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Businesses often develop a broad range of intellectual property (IP) for their use, which can sometimes then receive protection through registration. If you have developed IP for your business, you may now want to commercialise your IP. This article will discuss the best methods in which you can commercialise your IP through an IP licence.

Benefits of an IP Licence

As IP rights are intangible assets for your business, commercialisation of your IP can provide additional benefits for your business. Before you consider commercialisation, your IP must be appropriately registered and protected through IP Australia. Forms of IP that can be registered include:

  • patents;
  • trade marks;
  • designs; and 
  • plant breeders rights.

It is important to note that copyright protection occurs automatically, and you do not need to register copyright over your works.

Once you confirm your ownership of your IP, you can then consider commercialisation. An IP licence is a contract to provide someone with the right to use IP which they do not own. In contrast, you could also assign or sell your IP rights to another party, which means you will no longer own or be able to use your IP. The benefit of a licence is that you will maintain ownership over the IP. Rather than assigning the IP, where you lose all rights to it.

Additionally, if you are considering expanding your business, you should ensure your IP is protected within the market.

Types of Licences

Having decided on an IP licence as your method of commercialisation, you now need to consider which type of licence is best for your business. As the owner of the IP, you are the licensor and can licence your IP to someone else for some form of payment, while still maintaining ownership over the IP. Maintaining ownership allows you to dictate how the licensee may or may not use the IP. There are three key types of licences.

1. Exclusive Licence

An exclusive licence, as the name suggests, is a licence that allows the licensee exclusively to both use and commercialise your IP. This exclusivity also excludes you, the licensor, from using the IP. However, this high exclusivity means that the monetary payment is usually much higher than other licences, making this a profitable type of licence.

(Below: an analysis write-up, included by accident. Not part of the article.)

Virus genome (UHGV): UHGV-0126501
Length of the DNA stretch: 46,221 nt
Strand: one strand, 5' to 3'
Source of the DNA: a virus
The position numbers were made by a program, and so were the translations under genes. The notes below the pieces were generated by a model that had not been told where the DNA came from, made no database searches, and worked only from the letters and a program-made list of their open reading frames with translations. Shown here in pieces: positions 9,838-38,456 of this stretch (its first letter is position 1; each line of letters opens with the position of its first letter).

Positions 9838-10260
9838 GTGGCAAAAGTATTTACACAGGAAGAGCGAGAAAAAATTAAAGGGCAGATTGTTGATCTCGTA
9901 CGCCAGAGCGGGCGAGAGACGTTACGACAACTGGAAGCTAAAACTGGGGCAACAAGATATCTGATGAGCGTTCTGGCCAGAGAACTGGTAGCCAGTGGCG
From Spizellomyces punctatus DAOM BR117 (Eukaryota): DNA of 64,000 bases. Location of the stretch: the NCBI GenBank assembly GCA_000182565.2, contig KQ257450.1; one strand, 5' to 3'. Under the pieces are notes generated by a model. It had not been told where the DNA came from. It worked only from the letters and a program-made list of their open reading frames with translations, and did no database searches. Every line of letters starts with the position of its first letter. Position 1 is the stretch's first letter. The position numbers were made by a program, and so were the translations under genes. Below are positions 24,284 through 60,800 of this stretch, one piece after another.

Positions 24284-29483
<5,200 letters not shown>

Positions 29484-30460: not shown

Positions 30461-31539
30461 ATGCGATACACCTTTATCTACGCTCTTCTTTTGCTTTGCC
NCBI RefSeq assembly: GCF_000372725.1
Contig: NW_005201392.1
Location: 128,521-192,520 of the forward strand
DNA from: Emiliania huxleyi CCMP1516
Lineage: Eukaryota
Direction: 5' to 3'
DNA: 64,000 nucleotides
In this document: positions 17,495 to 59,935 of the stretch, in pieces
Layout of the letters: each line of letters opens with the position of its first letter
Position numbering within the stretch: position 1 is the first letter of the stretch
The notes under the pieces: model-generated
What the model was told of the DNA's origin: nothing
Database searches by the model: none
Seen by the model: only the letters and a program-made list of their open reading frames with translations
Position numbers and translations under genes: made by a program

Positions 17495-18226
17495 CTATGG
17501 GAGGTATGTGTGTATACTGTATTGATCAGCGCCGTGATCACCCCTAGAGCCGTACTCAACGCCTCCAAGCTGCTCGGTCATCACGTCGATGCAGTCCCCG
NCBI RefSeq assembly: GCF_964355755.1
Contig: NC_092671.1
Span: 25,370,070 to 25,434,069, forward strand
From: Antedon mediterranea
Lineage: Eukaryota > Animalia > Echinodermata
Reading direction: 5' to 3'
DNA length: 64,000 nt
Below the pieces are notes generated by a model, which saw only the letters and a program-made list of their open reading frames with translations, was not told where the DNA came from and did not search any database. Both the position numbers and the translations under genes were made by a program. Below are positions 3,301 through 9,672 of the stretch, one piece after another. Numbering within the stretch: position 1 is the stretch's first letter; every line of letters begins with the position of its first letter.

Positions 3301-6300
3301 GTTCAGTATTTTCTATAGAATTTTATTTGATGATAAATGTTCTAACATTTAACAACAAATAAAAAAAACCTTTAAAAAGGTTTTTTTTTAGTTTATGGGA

Commonly, licensors will include specific restrictions on the licensee’s use of the IP in relation to certain: 

  • products;
  • geographical areas; or 
  • fields. 

These restrictions allow you to either retain IP rights in the restricted areas, allowing you to continue to exploit your own IP.

2. Non-Exclusive Licence

A non-exclusive licence allows you to licence the IP to multiple different parties.

The benefit of this licence is that you can continue to use your IP without as many limitations. In addition, this non-exclusive licence may allow for greater IP commercialisation and monetary payments. You can still dictate certain restrictions on the use of the IP by a range of licensees.

3. Sole Licence

A sole licence is a combination of both an exclusive and non-exclusive licence. It allows a licensee to use the IP but you can still also use your IP. This allows you to have more control over your IP and continue to use it in conjunction with the licensee, unlike an exclusive licence.

Regardless of the type of licence you choose for your business, you will need to outline this chosen relationship in a licence agreement between yourself and the licensee.

IP Licence Considerations

When selecting an IP licence, you should consider the purpose behind you wanting to licence your IP. You should also determine how much control you want to have over the IP and the licensee’s use of it. If you are unable to further develop and commercialise your IP yourself, or if you are looking for minimal involvement, then you may wish to pursue an exclusive licence.

Many potential licensees may be reluctant to agree to a non-exclusive licence, as the value of an exclusive licence for them is much greater. It is important to consider whether you are willing to grant one single licence for a higher fee or grant many licenses for a smaller fee. There are also additional administrative efforts involved in managing either option. If you are looking to continue to use your own IP, or still retain more control over your IP, you may consider a non-exclusive or sole license.

Regardless of which licence you ultimately choose, you will need to have appropriate licence agreements prepared to govern the relationship. You will need to understand this agreement and what your rights are, especially if a licensee breaches the agreement. These agreements will often outline core details such as the:

  • way you and the licensee are permitted to use the IP;
  • length of time that the licence is valid for; and
  • fees you will charge for the licence. 

You need to ensure your agreement captures all your considerations and concerns. It should also explicitly outline the type of licence you are granting.

Key Takeaways

If you are looking to licence your IP, the first and most critical step is to ensure that your IP is actually protected. When looking to commercialise your IP, you need to consider how this may affect your business and your ability to use your IP. If you are interested in commercialising your IP and wish to find out more about which IP licence is right for your business, contact LegalVision’s IP lawyers on 1300 544 755 or fill out the form on this page.


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